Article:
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Life in the blockaded Qatar

Life | 2017/07/03 at 7:00 PM | 139 Views

Every day when Sheikh Abubakkar calls home in southern India, he tries to reassure his worried mother that his work is going on as usual in the United Arab Emirates.

Mr. Abubakkar, 26, moved to Dubai in 2015 to work as a customer care agent for a courier service. In February this year, his company transferred him to Doha, the capital of Qatar.

Mr. Abubakkar returned to Dubai in June to process his residence visa for Qatar and was getting ready to fly back to Doha when Saudi Arabia, the UAE, Bahrain and a few other Arab countries cut diplomatic ties as well as land, sea and air links with Qatar.

“Many of my colleagues are also stuck in a similar position as no visas to Qatar are being processed here, but thankfully, my work has not been affected,” said Mr. Abubakkar.

Nearly 650,000 Indians are working in Qatar, which has a population of roughly 2.7 million.

Only 12% of its population are native Qataris, while Indians constitute the largest group living in this tiny gas-rich nation. If one goes by sheer numbers, Indians will be the hardest hit by this diplomatic stand-off.


Rising prices

International human rights groups have expressed concern over the impact of Qatar’s “blockade” on its migrant worker population. Adam Coogle is a West Asia researcher at Human Rights Watch and was recently in Doha assessing the impact of the diplomatic crisis on its migrant workers. He explained that none of the workers he interviewed were worried about the general situation but they have complained about the increase in food prices.

“The prices of basic items like tomatoes, potatoes and onions have gone up,” Mr. Coogle told this writer. “A labourer who was spending nearly 200-250 Qatari riyals on food every month has to now spend between 300-350 riyals, a significant rise for people whose monthly income is about 900 riyals.” Contrary to the initial reports of food shortages, Qatar has filled the void by flying in supplies, mostly from Turkey, Iran and India. Food is readily available but the local options of fruit and vegetables from the neighbouring Saudi Arabia, the UAE, Jordan and Lebanon have been replaced with the pricier versions from Holland, Australia, Thailand and Malaysia.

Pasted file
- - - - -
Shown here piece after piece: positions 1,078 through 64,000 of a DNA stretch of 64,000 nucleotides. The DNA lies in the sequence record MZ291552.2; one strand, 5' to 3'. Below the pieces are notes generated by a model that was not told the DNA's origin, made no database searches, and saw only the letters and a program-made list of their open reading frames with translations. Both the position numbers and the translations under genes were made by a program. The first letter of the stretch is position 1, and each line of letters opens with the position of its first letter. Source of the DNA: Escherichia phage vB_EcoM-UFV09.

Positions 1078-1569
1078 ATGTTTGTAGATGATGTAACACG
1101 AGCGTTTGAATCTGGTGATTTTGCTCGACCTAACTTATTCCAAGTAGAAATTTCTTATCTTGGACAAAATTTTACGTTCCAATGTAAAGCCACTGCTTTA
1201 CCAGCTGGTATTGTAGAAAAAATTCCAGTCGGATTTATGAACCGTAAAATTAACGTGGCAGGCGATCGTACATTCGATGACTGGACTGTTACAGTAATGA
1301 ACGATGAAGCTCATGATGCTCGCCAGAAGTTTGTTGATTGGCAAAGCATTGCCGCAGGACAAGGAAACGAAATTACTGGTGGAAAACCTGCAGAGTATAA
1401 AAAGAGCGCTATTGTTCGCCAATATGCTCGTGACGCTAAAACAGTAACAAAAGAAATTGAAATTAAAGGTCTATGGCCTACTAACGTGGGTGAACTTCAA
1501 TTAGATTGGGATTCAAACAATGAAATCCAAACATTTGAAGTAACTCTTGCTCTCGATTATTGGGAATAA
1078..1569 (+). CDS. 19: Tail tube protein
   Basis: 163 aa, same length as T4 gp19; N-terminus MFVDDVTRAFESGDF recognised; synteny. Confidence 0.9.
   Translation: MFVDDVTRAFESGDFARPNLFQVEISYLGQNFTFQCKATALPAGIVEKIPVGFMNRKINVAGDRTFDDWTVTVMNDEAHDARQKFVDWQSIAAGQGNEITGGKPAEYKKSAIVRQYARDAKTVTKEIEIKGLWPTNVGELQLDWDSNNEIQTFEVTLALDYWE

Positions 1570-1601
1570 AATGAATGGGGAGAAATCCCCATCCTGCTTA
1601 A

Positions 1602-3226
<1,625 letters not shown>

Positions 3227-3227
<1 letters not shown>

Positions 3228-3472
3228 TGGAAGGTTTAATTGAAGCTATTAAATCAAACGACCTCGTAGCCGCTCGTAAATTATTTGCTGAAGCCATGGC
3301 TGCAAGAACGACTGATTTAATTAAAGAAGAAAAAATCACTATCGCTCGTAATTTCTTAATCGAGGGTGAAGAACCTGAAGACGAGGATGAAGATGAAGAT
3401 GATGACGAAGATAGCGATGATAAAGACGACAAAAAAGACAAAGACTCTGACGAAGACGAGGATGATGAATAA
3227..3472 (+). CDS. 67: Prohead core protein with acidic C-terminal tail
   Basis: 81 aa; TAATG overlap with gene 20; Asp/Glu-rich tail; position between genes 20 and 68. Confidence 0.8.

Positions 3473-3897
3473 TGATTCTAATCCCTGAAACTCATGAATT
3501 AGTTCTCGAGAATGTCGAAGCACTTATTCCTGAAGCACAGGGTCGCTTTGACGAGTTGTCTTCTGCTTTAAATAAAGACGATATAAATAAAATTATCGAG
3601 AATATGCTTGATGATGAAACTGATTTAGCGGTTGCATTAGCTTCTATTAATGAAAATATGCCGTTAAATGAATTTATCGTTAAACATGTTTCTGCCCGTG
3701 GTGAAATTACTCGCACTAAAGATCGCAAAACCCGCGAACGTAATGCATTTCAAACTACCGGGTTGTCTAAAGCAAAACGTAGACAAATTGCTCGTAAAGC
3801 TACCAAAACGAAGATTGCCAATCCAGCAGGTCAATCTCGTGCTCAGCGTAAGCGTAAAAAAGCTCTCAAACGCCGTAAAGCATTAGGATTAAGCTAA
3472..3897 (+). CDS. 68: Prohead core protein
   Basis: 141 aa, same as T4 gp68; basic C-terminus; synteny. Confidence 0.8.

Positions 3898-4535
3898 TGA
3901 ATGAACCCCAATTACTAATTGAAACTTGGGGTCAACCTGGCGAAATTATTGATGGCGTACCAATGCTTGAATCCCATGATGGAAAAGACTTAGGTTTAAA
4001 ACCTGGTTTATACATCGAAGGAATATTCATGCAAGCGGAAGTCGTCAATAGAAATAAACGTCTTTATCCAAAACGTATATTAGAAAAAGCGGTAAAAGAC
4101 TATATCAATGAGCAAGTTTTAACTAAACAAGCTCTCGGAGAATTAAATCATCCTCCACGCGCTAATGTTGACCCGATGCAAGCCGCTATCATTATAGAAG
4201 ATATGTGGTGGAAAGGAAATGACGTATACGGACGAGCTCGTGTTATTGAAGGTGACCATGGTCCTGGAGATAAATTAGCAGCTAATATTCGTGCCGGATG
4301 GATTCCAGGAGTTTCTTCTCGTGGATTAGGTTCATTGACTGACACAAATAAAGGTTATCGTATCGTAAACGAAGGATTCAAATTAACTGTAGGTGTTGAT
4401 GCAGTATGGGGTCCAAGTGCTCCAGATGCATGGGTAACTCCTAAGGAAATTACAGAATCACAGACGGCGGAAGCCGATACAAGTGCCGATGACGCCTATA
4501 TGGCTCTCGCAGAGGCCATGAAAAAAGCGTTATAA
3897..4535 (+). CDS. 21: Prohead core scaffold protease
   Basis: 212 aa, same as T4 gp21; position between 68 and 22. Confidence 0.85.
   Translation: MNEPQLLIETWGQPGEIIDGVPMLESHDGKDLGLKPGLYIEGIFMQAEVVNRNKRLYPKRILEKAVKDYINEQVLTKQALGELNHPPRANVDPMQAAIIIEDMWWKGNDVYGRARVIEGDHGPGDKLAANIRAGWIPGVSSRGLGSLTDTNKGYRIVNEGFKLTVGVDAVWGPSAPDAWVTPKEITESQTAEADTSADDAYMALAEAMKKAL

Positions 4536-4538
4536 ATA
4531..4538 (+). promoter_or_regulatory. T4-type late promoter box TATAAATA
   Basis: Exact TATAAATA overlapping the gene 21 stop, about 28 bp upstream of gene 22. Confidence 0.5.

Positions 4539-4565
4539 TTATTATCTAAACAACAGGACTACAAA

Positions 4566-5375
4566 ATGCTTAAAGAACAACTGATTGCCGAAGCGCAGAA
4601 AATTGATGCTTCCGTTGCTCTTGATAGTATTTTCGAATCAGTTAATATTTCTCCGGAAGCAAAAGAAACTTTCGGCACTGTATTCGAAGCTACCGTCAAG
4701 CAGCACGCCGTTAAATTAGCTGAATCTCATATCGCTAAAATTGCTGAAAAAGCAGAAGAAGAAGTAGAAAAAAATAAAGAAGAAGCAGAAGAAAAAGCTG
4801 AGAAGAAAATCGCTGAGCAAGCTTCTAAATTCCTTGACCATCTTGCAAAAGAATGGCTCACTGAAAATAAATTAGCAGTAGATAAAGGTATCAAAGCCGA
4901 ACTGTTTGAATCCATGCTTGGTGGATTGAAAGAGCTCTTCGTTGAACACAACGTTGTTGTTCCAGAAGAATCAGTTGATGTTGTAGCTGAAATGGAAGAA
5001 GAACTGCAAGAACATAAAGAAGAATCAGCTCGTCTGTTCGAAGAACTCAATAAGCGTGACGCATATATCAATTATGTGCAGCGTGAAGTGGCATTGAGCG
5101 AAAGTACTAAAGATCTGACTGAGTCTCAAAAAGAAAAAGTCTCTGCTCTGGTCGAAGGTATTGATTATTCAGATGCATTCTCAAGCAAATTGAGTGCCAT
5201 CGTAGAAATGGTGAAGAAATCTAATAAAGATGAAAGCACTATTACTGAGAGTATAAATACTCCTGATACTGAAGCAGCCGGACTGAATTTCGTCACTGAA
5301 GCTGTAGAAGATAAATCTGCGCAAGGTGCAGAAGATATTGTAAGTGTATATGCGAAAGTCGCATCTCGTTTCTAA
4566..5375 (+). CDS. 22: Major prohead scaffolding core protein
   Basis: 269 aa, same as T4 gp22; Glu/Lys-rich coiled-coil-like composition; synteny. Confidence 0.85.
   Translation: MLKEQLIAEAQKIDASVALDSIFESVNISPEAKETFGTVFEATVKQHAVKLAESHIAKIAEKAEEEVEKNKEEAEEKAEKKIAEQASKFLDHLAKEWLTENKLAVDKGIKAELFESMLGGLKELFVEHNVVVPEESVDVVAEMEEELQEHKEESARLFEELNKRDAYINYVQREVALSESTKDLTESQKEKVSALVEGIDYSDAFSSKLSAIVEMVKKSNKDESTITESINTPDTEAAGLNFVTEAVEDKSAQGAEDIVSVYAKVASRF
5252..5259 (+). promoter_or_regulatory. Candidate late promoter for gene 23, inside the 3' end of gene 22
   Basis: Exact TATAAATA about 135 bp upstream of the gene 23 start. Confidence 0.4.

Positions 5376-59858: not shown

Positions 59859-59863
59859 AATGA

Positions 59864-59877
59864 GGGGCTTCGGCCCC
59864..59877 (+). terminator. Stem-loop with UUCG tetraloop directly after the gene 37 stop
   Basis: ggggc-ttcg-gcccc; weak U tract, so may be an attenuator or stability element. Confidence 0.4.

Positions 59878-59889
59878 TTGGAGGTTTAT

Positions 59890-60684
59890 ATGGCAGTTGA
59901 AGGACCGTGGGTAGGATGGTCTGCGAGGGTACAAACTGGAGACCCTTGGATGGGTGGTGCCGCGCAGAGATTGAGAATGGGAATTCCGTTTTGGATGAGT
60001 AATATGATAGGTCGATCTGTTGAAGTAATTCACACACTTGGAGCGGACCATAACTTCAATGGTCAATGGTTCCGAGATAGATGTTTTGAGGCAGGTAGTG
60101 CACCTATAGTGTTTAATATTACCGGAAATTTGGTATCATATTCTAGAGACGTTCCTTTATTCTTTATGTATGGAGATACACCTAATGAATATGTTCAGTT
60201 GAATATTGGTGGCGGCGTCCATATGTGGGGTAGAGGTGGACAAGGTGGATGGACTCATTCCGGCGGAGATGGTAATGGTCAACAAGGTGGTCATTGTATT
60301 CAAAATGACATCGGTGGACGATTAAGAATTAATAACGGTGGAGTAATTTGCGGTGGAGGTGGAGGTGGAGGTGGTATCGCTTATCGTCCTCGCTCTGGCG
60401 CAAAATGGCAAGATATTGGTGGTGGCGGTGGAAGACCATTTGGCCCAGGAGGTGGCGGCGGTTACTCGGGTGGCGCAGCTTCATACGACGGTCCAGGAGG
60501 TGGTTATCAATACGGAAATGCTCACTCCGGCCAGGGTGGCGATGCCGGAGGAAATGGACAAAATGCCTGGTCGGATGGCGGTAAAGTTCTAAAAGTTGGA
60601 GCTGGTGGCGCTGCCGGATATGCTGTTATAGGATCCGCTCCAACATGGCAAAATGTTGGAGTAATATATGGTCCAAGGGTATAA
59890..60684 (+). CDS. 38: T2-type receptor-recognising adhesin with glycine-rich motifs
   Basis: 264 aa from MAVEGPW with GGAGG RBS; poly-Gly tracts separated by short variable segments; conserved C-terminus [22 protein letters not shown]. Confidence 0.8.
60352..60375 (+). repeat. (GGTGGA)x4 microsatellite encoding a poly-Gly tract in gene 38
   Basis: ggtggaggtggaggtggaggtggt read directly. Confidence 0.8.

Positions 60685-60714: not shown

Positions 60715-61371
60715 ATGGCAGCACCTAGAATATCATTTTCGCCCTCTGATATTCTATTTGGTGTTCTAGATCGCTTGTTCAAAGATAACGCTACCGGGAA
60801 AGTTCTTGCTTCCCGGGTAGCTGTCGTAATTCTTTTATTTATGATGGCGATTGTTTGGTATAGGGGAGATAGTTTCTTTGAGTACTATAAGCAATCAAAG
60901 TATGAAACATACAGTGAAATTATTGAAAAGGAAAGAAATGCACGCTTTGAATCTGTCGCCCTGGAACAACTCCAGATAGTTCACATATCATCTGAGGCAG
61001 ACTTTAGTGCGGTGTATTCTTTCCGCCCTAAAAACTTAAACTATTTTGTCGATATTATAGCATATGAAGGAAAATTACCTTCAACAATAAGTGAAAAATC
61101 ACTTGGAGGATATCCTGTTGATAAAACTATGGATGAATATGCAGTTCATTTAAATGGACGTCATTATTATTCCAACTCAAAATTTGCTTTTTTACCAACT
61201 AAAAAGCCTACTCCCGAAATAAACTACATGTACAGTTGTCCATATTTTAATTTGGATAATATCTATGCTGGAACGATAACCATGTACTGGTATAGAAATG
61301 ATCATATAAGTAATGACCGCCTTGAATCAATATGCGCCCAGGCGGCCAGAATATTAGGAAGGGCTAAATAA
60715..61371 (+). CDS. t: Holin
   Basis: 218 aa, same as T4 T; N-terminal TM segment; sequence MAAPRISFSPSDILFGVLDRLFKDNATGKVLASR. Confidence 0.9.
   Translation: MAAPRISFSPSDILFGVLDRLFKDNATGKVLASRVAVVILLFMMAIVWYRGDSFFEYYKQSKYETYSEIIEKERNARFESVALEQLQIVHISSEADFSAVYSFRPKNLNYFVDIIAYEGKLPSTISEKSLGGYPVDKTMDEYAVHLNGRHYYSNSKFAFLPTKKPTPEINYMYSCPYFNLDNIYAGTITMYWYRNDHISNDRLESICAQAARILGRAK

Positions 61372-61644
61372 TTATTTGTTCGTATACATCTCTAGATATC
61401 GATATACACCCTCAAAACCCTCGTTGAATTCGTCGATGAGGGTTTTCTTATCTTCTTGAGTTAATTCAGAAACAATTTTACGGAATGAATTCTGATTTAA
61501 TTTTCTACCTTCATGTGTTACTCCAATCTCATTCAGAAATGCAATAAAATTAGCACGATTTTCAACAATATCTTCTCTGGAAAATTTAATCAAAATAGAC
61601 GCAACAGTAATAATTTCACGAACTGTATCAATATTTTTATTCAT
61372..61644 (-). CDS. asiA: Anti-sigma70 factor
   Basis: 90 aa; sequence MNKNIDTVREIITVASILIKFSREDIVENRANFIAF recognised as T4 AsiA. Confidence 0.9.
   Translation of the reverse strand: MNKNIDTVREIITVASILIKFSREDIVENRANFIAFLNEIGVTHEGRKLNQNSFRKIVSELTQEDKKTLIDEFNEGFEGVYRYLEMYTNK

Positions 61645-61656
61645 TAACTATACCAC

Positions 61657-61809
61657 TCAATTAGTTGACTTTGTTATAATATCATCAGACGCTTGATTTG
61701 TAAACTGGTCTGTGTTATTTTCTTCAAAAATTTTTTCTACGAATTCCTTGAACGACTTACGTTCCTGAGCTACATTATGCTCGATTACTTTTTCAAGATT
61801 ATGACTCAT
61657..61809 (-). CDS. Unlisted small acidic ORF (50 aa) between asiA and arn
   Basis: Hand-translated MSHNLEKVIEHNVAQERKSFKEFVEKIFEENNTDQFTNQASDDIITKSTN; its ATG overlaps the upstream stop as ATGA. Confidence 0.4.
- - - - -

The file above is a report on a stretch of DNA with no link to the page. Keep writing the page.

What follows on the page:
“In supermarkets, it is like a flash sale where the fruit and vegetables are gone even before they are put on the rack,” said one local resident. “I found only the expensive tomatoes from Holland at my grocery store and something basic like coriander leaves are missing from the market or cost 7 riyals a bunch.” Most labour accommodations are scattered far away from the city and many workers depend on smaller grocery stores for basic needs. Such stores, they say, are taking advantage of the crisis and increasing prices. In order to crack down on such practices, Qatar’s Ministry of Economy and Commerce is encouraging residents to report businesses that are over-pricing supplies via social media.

The ramifications of the embargo may sweep into other industries such as construction, as the country prepares to host the FIFA World Cup 2022.

“A lot of the construction material was brought in through these borders and due to the current crisis, it may create a lag with the ongoing construction projects which will no doubt affect the workers,” said Vani Saraswathi, associate editor at Migrant-Rights.org, an advocacy organisation that aims to advance the rights of migrant workers in West Asia.

“A delay in materials means there is delay in work, and we have seen subcontractors especially don’t have the financial wherewithal to bide over such contingencies. This could mean workers being left unpaid, or not paid in time.”


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